Contributed by Randy Burns
Nancy Cataldo, the executive director of the Sandhills Chapter of the American Red Cross, and the volunteer staff members at the Sumter office know all about treating people with respect. No matter who the people are – clients, volunteers or donors – they do people right!
At Thursday night’s Heroes and Volunteer Recognition Banquet in the fellowship hall at St. James Lutheran Church in Sumter, Cataldo and the Red Cross acknowledged the contributions of the Sumter, Clarendon and Lee County community with plaques, certificates, pins, cups, barbecue and plenty of kind words.
The target audience was the donors – individual and corporations – that contributed money to Red Cross, and the volunteers who gave of their time and money to reach out to victims of disaster.
There’s been plenty of need in the tri-county community. Since July 1, 2011, disaster action team volunteers have responded to 112 disasters – mostly fires. The work of the nine Disaster Action Team (DAT) volunteers was recognized as they brought home the Jennie Geddings Humanitarian Award.
Typically, the award goes to one person who demonstrates his or her devotion to Red Cross by reaching out to others with their time and service. This year Nancy decided to pay tribute to the entire team.
Nancy talked about how it is amazing to think that nine people have gone out to 112 disasters (all but one or two were fires). These folks know if their name is up on the schedule, that they will go out no matter the time of day.
It’s important to remember that these people are not paid. They are doing it because they care.
This year’s Jennie Geddings Humanitarian Award Winners are DAT volunteers Larry Nettles, Jennie Geddings, Sue Fuller, Jackie Saddlemire and Greg Haskins of Sumter County; Sue Blackwell, Ron Smithwick and Steven Hill of Clarendon County; and Debbie Kirven of Lee County.
Yep, one of the disaster action volunteers is Jennie Geddings herself. She just can’t run away from awards even if she declared several years ago that “she didn’t want any more.”
The Geddings Humanitarian was first given in 2005 as a tribute to Geddings, who has been a Red Cross volunteer she retired from South Carolina Emergency Management in 1995. Even today, Geddings volunteers more than 30 hours a week to Red Cross.
By 2005, Geddings had received about every volunteer award given out by Red Cross.
Jennie told Nancy and the advisory board to give the awards to someone else. She didn’t want any more attention called to herself.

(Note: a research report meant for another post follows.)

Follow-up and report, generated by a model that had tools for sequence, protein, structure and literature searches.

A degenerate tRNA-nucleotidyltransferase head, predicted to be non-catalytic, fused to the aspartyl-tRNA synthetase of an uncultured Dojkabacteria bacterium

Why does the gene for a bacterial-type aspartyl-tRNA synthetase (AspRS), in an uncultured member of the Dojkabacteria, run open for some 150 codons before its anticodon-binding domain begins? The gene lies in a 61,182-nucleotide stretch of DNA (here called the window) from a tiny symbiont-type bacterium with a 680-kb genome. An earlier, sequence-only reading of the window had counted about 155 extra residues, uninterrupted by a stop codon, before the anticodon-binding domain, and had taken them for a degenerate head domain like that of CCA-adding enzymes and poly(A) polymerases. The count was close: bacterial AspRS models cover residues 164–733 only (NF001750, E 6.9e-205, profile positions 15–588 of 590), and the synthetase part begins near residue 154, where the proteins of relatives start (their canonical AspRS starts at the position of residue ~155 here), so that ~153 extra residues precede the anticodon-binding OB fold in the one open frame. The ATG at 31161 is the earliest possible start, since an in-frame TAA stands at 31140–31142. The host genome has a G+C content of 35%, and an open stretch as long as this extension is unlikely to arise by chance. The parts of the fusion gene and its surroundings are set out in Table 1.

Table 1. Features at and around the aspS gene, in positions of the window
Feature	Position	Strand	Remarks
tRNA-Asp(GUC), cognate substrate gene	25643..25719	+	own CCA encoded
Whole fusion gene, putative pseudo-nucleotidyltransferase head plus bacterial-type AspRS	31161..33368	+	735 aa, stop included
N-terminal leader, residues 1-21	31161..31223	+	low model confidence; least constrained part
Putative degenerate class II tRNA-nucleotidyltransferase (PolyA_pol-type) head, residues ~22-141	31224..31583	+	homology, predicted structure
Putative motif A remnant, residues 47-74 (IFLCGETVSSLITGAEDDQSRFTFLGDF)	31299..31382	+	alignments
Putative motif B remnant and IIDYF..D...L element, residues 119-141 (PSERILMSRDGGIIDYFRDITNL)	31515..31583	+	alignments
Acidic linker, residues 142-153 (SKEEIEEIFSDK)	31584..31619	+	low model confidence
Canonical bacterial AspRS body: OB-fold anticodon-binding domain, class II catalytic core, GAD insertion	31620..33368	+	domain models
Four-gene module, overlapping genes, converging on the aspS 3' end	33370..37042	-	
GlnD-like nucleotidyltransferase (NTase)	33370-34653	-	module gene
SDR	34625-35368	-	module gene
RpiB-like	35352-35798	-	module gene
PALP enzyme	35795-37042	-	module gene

Jennie didn’t realize the advisory board would create the Humanitarian Award in her name and honor. That was a surprise. And because she’s a DAT volunteer, she couldn’t turn down receiving part of the recognition this year.
It’s hard to find a volunteer more devoted and committed to Red Cross than Jennie Geddings. Still, it’s hard to deny that Larry Nettles is one of a kind. Always positive and upbeat and often funny and crazy when the occasion calls for it, Nettles received the Clara Barton Award, the highest volunteer award given by Red Cross.
At Thursday’s banquet, Nancy had her first chance to tell the tri-county area about Larry receiving the Clara Barton Award.
Larry’s credentials are really mind boggling. He is a DAT member, and thus one of the recipients of this year’s Geddings Humanitarian Award. He and Nancy work together in fundraising. Larry, who is passionate about the opportunity to help others, has no problem in asking people to give money so Red Cross can do its job. He is the chairman of the Tri-County Red Cross Advisory Board. He sells pecans to generate more revenue for Red Cross. He cooks barbecue, and hauls off the trash. He cracks jokes, and makes people laugh. Larry Nettles also makes referrals to other agencies so victims can receive additional help. At their request, Larry will stand beside victims when they talk to insurance or agency representatives. Larry Nettles is truly a Red Cross Volunteer Extraordinaire. The bottom line is that Larry Nettles cares about people, and he is a true believer in the mission of Red Cross.